Direct-To-Consumer Advertising of Prescription Drugs Grows Rapidly but Remains a Small Share of Promotional Efforts
For immediate release: February 13, 2002
BOSTON, MA- With spending on prescription drugs the fastest growing component of the health care budget, physicians and policy makers are concerned about the potential for direct-to-consumer advertising to further accelerate prescription costs.
In the first analysis of patterns of direct-to-consumer advertising before and after 1997 guidelines issued by the Food and Drug Administration, researchers at the Harvard School of Public Health (HSPH), Harvard Medical School and the Sloan School of Management, MIT have found that such advertising increased three-fold between 1996 and 2000. Still, direct-to-consumer advertising accounted for only 15 percent of drug promotion by pharmaceutical companies and was highly concentrated among a small group of products. Personal visits by pharmaceutical company representatives to office and hospital-based physicians, free samples left with physicians and advertising in medical journals accounted for more than 80 percent of promotional spending.
The study, “Promotion of Prescription Drugs to Consumers: A Look at the Numbers,” was led by Meredith B. Rosenthal, assistant professor of health economics and policy in the Department of Health Policy and Management at HSPH. It appears in the Feb.14, 2002 issue of The New England Journal of Medicine (www.nejm.org ) Two related editorials accompany the study.
Proponents of direct-to-consumer advertising for prescription drugs argue that the practice leads to better-informed consumers and improved quality of care. Critics feel it causes physicians to waste valuable time during patient visits and encourages use of expensive and sometimes unnecessary medications.
To quantify advertising increases and patterns of spending across and within therapeutic classes, the researchers obtained data from Competitive Media Reporting and IMS Health. Competitive Media Reporting tracks local and national advertising campaigns in major media such as television, radio and print. IMS Health and Scott-Levin, independent consulting companies that provide data and analysis to the pharmaceutical industry, researchers, the FDA and numerous state and federal government agencies, supplied data on promotional spending to health professionals and sales figures for individual brand-name drugs.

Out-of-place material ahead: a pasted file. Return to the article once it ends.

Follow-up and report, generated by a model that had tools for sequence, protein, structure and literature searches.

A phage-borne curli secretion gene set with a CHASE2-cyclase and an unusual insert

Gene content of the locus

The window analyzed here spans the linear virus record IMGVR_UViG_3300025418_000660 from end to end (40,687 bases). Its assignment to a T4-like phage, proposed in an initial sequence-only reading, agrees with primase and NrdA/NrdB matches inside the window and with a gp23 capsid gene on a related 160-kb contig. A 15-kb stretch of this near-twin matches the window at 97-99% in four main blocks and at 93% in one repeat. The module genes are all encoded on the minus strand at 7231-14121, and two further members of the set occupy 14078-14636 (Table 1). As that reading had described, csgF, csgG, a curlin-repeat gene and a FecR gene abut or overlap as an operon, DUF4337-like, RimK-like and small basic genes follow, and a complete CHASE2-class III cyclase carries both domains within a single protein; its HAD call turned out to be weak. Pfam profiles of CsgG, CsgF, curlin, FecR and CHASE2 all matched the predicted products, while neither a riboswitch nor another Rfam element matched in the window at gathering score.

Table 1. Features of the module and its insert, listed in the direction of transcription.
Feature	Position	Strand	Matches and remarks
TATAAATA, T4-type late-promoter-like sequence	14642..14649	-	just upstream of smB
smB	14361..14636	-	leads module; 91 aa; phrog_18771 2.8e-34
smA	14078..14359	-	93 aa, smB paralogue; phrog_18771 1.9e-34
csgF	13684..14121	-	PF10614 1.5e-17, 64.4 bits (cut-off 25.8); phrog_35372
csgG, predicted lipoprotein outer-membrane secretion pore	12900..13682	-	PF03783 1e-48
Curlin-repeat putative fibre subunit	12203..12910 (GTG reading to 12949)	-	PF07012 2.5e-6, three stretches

The researchers found that the greatest percentage increase in direct-to-consumer advertising has been in television ads, which increased more than seven-fold between 1996 and 2000, with a surge taking place before the FDA clarified its broadcast guidelines. But unlike promotion to health professionals, which occurs for nearly all branded drugs, direct-to-consumer advertising spending is concentrated among a few products. In 2000, the top 20 prescription drugs ranked by direct-to-consumer advertising spending accounted for about 60 percent of such spending.
The industry spends most on consumer ads for prescription drugs used to treat chronic conditions and drugs with a low occurrence of mild side effects-- probably because less risk information needs to be conveyed to consumers. Some of the most highly promoted prescription drugs in 2000 were Vioxx, an anti-inflammatory ($161 million), Prilosec, an anti-ulcer drug ($108 million), the antihistimine Claritin ($100 million), the antidepressant Paxil ($92 million), the cholesterol-lowering drug Zocor ($91 million), and Viagra for erectile dysfunction ($90 million). Total drug promotion for 2000 topped $15 billion—and represented 14 percent of sales.
“The ratio of overall spending on promotional efforts to sales has changed little over time,” wrote the researchers. “The increase in direct-to-consumer advertising spending represents a shift in the particular combination of marketing tools rather than an increase in the intensity of the total promotional effort... The relatively modest emphasis on direct-to-consumer advertising by the pharmaceutical industry contrasts with the apparent degree of concern about it among physicians and policy makers.”
Said Rosenthal: “The perception that direct-to-consumer ads have become the principal marketing approach for prescription drugs may be because the recent increase in direct-to-consumer spending has been on TV ads, which are highly visible. Also, the apparent targeting of high-cost prescription drugs raises concerns about the potential impact of this advertising on health care spending.”
“Of course,” she added, “the major worry is the potential impact on public health. We simply have no evidence yet on the appropriateness of prescribing that results from consumers requesting an advertised drug. Conceivably, advertising could improve health through raising awareness of a treatable condition or have a negative effect if it leads to unnecessary and inappropriate prescribing.”
Financial support for the research was provided by the Henry J. Kaiser Family Foundation. A full report on which the NEJM paper was based can be found at www.kff.org .
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